Around the United States it’s not uncommon to come across a Microsoft Store in a huge shopping centre or similar area. In fact, In San Jose I’ve seen a Microsoft Store across the hall from an Apple Store. Branded retail is an important strategy today to ensure people get a pure experience with the products and services being built. Microsoft have just launched their Sydney Store, their first outside the USA and we took a look inside before it opened.
Situated in the heart of Sydney’s CBD in the Pitt St Mall this store sure has location location location ticked off as a win.
A two-story store, not something Microsoft has done many times, a Glass Facade presents an open view to passers-by of what Microsoft has available.
Downstairs you’ll find a massive Surface Hub interactive screen, not a product available in Australia but impressive nonetheless, as well as all the Surface devices, Microsoft Band, and some third party laptops from partners like Lenovo, Dell, Asus and others.
All available to buy, the laptops here only carry a “signature” edition of Windows 10 – “free from bloatware” says a Microsoft spokesperson – which means you’re getting the best possible Windows Experience.
There’s also plenty of XBox to see both downstairs and upstairs of course.
Upstairs there are some desktop all-in-ones, as well as training areas for One-to-One sessions, and a mini theatre for larger group demos or Microsoft Partner sessions.
And then there is the Answer Desk. Downstairs a single person will greet people looking for help, direct them to the upstairs area where more staff are ready to serve them.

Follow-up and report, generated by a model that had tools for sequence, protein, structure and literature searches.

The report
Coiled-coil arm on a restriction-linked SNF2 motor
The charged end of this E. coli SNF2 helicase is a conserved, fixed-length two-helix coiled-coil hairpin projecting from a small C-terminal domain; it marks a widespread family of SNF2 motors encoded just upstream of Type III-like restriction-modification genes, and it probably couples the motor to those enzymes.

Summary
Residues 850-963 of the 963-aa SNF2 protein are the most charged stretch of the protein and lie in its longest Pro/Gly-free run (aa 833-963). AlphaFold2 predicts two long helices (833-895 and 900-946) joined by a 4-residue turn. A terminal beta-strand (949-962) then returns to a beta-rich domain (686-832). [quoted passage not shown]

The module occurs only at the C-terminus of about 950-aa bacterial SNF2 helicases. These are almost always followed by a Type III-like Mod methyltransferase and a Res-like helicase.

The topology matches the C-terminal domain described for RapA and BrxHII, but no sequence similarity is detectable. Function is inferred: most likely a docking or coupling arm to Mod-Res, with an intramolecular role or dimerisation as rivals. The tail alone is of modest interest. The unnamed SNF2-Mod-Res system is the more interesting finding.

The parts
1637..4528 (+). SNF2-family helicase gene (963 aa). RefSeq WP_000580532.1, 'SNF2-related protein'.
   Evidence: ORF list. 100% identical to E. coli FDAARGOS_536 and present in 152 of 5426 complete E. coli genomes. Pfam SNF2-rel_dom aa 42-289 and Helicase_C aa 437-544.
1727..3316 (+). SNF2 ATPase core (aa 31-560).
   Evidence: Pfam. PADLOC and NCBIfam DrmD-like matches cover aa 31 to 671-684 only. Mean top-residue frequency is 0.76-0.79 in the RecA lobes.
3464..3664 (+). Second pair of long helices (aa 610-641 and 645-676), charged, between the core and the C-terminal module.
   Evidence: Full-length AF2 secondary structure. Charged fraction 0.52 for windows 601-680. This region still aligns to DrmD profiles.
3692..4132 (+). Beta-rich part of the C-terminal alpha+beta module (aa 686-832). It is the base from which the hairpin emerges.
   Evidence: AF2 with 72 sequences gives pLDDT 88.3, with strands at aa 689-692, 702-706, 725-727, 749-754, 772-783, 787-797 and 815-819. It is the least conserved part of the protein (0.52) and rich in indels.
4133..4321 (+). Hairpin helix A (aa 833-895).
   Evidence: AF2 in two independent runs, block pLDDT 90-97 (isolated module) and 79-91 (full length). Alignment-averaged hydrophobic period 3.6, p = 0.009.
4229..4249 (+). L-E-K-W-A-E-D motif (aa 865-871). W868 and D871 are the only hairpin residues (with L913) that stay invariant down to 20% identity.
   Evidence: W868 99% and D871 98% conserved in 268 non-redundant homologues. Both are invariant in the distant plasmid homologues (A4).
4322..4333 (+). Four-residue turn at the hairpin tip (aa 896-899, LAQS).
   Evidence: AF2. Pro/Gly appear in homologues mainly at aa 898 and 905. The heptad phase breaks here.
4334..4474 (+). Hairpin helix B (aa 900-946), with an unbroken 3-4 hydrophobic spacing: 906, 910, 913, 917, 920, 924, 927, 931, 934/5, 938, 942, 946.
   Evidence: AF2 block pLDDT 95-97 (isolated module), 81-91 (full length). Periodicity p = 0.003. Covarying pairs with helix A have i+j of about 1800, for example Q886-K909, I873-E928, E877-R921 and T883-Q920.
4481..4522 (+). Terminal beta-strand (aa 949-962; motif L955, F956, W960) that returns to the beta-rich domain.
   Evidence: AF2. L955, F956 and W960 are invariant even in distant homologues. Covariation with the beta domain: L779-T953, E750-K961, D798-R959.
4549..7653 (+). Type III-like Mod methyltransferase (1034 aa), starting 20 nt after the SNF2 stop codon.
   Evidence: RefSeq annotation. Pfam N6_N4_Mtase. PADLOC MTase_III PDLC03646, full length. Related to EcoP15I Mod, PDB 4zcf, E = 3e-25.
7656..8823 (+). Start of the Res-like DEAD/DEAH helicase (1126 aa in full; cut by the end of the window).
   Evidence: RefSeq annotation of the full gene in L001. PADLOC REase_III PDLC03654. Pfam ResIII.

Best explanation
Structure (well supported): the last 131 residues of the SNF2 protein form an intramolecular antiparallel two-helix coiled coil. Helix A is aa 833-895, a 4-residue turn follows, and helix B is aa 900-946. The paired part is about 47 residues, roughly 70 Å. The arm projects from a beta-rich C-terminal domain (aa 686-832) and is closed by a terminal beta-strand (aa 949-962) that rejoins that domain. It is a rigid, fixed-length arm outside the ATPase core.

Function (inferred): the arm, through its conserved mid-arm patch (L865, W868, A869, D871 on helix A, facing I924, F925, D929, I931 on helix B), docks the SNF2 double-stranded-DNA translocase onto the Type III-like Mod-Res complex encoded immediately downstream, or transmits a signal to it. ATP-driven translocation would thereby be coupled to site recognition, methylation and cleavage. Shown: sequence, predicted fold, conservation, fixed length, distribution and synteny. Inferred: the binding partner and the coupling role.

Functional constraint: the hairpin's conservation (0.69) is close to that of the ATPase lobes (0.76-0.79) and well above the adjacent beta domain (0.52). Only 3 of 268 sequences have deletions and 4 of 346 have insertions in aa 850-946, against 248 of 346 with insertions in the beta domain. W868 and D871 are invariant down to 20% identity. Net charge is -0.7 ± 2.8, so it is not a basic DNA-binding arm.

They will offer help in anything from Virus removal to hardware issues. They might replace faulty Microsoft hardware, or help you determine next steps on others.
Fully expecting people to walk in with a computer Tower under their arm, Microsoft say they won’t turn anyone away. How they cope with all of Sydney’s PC woes I just don’t know, because the initial service is free, but there has to be a limit – we’ll only know in time.
The place is littered with huge screens from the walls showing products, to a huge two-story screen draws your eye upstairs.
It’s impressive. And to mark the occasion Microsoft donated almost $5 million to local not-for-profits as a sign of their commitment to the community, something they want to emphasise through the use of the mini theatre room for demonstrations and sessions.
There’s no doubt that the Microsoft Store experience emulates in many ways what Apple have in their stores, but it’s different, it’s Microsoft all over and if anything it certainly creates a simple central location for people to go to experience the great products being produced by both Microsoft and other Hardware partners.
So, if you’ve got a PC problem – head to Pitt St Mall – lets see how they shape up for service.